•  
8.
  • Flannick, Jason, et al. (författare)
  • Data Descriptor : Sequence data and association statistics from 12,940 type 2 diabetes cases and controls
  • 2017
  • Ingår i: Scientific Data. - : Nature Publishing Group. - 2052-4463. ; 4
  • Tidskriftsartikel (refereegranskat)abstract
    • To investigate the genetic basis of type 2 diabetes (T2D) to high resolution, the GoT2D and T2D-GENES consortia catalogued variation from whole-genome sequencing of 2,657 European individuals and exome sequencing of 12,940 individuals of multiple ancestries. Over 27M SNPs, indels, and structural variants were identified, including 99% of low-frequency (minor allele frequency [MAF] 0.1-5%) non-coding variants in the whole-genome sequenced individuals and 99.7% of low-frequency coding variants in the whole-exome sequenced individuals. Each variant was tested for association with T2D in the sequenced individuals, and, to increase power, most were tested in larger numbers of individuals (> 80% of low-frequency coding variants in similar to ~82 K Europeans via the exome chip, and similar to ~90% of low-frequency non-coding variants in similar to ~44 K Europeans via genotype imputation). The variants, genotypes, and association statistics from these analyses provide the largest reference to date of human genetic information relevant to T2D, for use in activities such as T2D-focused genotype imputation, functional characterization of variants or genes, and other novel analyses to detect associations between sequence variation and T2D.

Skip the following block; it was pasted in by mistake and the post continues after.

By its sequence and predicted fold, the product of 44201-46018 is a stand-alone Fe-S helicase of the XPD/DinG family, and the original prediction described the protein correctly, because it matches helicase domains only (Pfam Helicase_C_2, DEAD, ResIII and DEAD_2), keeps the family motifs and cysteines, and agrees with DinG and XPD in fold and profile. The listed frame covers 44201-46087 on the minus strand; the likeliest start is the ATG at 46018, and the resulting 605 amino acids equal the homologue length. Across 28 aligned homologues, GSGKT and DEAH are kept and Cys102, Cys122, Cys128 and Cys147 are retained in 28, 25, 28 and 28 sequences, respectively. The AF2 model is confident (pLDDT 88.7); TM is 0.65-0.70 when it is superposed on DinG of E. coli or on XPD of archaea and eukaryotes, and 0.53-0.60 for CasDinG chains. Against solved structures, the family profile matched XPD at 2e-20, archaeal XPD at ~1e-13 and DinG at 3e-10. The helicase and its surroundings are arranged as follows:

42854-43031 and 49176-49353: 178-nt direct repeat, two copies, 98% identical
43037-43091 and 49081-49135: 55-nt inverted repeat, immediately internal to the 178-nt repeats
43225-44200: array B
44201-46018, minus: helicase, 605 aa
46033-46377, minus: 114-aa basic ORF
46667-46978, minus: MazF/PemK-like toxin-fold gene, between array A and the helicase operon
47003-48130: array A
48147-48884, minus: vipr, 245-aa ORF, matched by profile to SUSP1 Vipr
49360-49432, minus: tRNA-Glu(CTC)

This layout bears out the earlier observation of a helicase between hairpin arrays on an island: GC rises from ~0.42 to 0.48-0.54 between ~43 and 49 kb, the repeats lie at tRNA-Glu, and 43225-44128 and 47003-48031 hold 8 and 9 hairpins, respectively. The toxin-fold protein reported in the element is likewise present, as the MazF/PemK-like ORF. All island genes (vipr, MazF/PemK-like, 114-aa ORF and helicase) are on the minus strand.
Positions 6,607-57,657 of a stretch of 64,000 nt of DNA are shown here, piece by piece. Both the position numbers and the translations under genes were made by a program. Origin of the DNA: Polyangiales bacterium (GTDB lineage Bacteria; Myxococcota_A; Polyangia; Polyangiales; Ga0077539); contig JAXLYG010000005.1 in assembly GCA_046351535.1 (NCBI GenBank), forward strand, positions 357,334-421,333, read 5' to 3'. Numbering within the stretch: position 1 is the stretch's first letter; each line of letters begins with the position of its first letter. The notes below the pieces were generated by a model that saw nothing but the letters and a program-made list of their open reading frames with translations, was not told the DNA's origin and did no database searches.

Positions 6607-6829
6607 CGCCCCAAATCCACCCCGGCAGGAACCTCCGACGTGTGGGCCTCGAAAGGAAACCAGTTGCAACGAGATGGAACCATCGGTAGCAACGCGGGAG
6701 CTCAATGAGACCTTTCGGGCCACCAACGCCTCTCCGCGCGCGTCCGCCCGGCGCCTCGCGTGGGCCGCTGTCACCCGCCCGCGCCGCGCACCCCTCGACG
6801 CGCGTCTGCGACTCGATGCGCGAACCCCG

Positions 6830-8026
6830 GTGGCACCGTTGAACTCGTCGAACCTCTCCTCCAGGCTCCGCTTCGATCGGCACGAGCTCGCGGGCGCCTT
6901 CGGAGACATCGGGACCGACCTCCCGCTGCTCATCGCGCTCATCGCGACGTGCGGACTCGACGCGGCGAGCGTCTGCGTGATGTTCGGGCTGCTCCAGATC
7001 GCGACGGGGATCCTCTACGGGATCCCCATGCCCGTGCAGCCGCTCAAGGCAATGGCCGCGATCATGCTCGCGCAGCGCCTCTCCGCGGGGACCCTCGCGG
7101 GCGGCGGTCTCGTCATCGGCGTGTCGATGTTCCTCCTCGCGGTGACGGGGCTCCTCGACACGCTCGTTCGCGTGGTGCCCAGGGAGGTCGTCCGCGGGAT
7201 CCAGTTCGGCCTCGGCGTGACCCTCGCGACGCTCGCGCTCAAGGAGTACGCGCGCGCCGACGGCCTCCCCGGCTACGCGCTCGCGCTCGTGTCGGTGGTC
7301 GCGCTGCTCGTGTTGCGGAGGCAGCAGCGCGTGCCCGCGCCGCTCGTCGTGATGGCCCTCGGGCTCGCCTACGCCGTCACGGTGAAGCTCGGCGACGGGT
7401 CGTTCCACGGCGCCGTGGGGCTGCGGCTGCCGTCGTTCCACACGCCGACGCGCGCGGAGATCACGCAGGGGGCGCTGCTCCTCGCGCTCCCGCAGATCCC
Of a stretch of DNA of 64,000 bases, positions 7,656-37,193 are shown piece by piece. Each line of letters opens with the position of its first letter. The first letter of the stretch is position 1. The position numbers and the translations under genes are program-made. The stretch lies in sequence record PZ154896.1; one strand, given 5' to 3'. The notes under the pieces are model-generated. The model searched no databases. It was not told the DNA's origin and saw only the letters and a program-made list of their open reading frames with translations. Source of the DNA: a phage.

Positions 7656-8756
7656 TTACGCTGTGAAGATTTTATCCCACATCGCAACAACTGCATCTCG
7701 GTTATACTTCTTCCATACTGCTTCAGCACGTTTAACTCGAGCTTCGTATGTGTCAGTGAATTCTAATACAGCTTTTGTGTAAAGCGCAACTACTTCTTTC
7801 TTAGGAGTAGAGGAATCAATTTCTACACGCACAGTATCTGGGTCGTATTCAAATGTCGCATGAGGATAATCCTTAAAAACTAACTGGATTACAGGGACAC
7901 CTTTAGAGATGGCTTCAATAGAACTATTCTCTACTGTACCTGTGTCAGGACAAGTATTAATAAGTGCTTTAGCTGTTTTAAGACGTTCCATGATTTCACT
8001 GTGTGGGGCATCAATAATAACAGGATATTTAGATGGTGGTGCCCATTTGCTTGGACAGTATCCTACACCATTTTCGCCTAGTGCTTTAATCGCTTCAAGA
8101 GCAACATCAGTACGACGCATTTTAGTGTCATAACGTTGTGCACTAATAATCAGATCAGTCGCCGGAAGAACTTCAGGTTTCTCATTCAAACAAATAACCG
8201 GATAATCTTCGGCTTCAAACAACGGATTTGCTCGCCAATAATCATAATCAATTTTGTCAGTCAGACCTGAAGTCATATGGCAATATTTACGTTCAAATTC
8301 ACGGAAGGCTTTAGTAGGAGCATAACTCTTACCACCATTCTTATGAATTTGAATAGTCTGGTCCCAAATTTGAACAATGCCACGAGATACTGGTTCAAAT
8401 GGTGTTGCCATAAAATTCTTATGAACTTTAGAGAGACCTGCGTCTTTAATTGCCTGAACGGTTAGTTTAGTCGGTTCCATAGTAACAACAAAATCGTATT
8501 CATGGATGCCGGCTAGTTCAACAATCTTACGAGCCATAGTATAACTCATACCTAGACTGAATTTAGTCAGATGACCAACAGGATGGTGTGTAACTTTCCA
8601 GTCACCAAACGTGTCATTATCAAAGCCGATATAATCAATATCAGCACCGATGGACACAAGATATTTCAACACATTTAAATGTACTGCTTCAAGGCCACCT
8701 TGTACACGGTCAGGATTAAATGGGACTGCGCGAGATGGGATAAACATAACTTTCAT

•  
9.
  • Fuchsberger, Christian, et al. (författare)
  • The genetic architecture of type 2 diabetes
  • 2016
  • Ingår i: Nature. - : Nature Publishing Group. - 0028-0836 .- 1476-4687. ; 536:7614, s. 41-47
  • Tidskriftsartikel (refereegranskat)abstract
    • The genetic architecture of common traits, including the number, frequency, and effect sizes of inherited variants that contribute to individual risk, has been long debated. Genome-wide association studies have identified scores of common variants associated with type 2 diabetes, but in aggregate, these explain only a fraction of the heritability of this disease. Here, to test the hypothesis that lower-frequency variants explain much of the remainder, the GoT2D and T2D-GENES consortia performed whole-genome sequencing in 2,657 European individuals with and without diabetes, and exome sequencing in 12,940 individuals from five ancestry groups. To increase statistical power, we expanded the sample size via genotyping and imputation in a further 111,548 subjects. Variants associated with type 2 diabetes after sequencing were overwhelmingly common and most fell within regions previously identified by genome-wide association studies. Comprehensive enumeration of sequence variation is necessary to identify functional alleles that provide important clues to disease pathophysiology, but large-scale sequencing does not support the idea that lower-frequency variants have a major role in predisposition to type 2 diabetes.